Specifically regarding Borderline Personality Disorder (BPD), studies have shown that some dimensions of the FFM appear as predictors of the diagnosis and severity of symptoms (Distel et al., 2009; Kendler et al., 2011). The BPD is marked by intense emotional lability, impairment of self-perception and interpersonal relationships, persistent feelings of emptiness, fear of abandonment, and self-injurious behaviors (APA, 2014). In adults, the occurrence of BPD can be observed in about 2.7% of the population, of which three quarters would correspond to female individuals (Kienast, Stoffers, Bermpohl, & Lieb, 2014).

The borderline personality profile is presumably associated with high levels of neuroticism (or negative affectivity, as it is named in the dimensional model proposed in DSM-5), especially with regard to psychosocial maladjustment, a construct strongly linked to impulsivity (APA, 2014; Berlin, Rolls, & Iversen, 2005; DeYoung et al., 2016). Furthermore, emotional vulnerability and lability, also present in individuals with high neuroticism, is a hallmark characteristic of BPD (Linehan, 2010). In addition to neuroticism, disinhibition and antagonism (which in the FFM may be almost wholly associated, respectively, to the dimensions of conscientiousness and agreeableness) seem to be important in describing personality traits associated with BPD symptoms, since they are associated with impulsivity, risk exposure, and hostility (APA, 2014). With respect to the cognitive profile, people with BPD tend to present central belief patterns that involve unacceptability, vulnerability, and impotence, which together influence behavioral tendencies such as self-exposure to risk and recurrent attempts to avoid real or imagined abandonment (Beck, 2013; Linehan, 2010).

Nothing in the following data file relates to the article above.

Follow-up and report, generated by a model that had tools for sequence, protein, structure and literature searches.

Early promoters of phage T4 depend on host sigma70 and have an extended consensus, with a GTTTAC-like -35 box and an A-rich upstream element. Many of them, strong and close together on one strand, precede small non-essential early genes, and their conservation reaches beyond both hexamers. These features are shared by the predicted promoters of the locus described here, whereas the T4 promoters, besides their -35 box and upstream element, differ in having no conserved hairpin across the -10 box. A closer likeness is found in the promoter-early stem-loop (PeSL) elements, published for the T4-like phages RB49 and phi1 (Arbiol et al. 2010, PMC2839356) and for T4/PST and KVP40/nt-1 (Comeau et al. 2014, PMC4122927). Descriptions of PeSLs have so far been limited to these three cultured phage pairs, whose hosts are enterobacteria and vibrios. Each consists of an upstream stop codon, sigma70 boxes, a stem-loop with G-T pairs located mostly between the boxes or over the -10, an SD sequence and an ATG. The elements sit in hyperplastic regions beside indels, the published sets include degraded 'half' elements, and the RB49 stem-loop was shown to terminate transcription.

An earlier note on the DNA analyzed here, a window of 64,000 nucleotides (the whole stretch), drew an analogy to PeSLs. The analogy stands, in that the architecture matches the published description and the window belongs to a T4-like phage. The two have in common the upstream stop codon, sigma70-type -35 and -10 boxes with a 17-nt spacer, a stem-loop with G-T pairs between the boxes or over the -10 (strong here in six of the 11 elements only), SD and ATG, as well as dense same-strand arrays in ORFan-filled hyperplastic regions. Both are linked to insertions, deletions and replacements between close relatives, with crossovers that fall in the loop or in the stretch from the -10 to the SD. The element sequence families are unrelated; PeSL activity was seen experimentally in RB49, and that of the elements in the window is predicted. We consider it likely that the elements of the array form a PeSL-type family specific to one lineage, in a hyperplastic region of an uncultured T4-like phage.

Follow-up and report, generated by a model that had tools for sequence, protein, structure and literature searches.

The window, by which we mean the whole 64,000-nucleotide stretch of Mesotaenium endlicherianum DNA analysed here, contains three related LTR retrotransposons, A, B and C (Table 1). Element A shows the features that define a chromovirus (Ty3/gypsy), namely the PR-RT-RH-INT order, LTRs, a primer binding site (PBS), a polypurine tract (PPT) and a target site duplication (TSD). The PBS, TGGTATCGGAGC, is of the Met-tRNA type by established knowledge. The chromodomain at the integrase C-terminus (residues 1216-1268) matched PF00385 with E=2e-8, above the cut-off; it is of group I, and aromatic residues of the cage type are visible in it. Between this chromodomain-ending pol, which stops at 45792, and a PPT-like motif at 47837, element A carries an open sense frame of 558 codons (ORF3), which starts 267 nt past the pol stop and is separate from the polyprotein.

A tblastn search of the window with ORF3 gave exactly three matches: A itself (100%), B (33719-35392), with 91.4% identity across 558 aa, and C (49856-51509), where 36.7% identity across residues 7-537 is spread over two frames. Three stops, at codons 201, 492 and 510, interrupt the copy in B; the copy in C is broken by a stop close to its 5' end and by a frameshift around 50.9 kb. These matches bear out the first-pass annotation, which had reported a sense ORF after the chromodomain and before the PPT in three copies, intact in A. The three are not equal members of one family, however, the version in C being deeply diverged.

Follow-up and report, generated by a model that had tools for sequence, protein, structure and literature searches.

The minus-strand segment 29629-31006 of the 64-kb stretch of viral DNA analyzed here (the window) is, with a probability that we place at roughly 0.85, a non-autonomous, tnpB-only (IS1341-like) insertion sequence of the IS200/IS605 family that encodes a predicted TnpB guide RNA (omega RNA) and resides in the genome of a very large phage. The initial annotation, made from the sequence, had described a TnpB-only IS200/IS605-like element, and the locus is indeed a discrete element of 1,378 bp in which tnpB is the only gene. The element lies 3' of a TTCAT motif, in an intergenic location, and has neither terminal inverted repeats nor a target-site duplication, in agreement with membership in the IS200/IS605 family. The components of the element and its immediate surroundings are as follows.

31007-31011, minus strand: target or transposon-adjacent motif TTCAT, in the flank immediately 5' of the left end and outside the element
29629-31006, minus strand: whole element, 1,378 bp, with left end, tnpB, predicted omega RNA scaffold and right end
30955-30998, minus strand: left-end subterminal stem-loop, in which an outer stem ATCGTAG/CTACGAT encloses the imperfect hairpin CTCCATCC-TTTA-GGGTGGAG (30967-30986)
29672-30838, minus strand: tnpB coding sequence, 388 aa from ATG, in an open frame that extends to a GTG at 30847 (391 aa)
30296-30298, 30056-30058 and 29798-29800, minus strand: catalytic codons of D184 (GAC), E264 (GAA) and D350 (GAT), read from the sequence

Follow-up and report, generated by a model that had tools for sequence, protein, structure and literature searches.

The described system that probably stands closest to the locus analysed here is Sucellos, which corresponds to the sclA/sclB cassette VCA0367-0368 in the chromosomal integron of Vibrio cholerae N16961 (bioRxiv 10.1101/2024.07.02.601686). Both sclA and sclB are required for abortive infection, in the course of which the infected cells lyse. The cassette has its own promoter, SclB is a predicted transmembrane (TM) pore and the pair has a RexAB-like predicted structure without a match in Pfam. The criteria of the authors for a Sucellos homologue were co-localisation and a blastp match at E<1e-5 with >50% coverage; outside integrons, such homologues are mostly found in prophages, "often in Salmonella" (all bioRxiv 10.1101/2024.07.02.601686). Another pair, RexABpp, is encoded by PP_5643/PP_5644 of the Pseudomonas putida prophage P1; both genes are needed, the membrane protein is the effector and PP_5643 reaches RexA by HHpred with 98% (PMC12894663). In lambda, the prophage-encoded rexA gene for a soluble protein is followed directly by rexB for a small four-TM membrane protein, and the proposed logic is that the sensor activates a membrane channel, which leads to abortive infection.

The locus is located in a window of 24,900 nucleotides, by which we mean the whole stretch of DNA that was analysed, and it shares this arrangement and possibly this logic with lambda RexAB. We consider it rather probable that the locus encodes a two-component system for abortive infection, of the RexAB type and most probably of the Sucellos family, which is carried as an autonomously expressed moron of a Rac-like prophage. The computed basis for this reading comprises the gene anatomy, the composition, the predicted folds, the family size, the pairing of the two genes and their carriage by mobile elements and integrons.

In this sense, the present study verifies the relationship between personality traits, maladaptive beliefs, and BPD symptoms by using a predictive model based on structural equation modeling. It is hypothesized that the personality traits most related to the disorder will be neuroticism, conscientiousness, and agreeableness, in this order of importance. Regarding belief patterns, it is considered that there will be a positive and significant correlation of the typical BPD beliefs with the personality traits mentioned above, as well as with the typical symptoms of the disorder. Finally, in the expected model, personality traits (high neuroticism, low conscientiousness, and low agreeableness) would be direct and indirect predictors of BPD symptoms, with indirect (belief-mediated) effects being higher than direct ones. The latter hypothesis is associated with an attempt to empirically test the above proposal that one of the main ways to understand the development of negative mental health outcomes would be to include personality traits as developmental antecedents of the individual's belief system (whether it be adaptive or not). This system is constructed from the dynamic relationships established between traits and the social environment, which could ultimately predict the appearance of negative outcomes (in our case, BPD symptoms).

Methods

Participants

Eight hundred and twenty-three adults aged between 18 and 39 years (M = 24.09; SD = 4.71) participated in the study. Of these, 75.6% were female. The study included individuals older than 18 years of age, residing in the metropolitan region of Belo Horizonte city, who answered all questionnaires, without self-reported diagnosis of intellectual disability, schizophrenia, and other psychotic disorders. The majority have incomplete higher education (58.9%) or complete higher education (20.7%). Therefore, a nonclinical sample was used.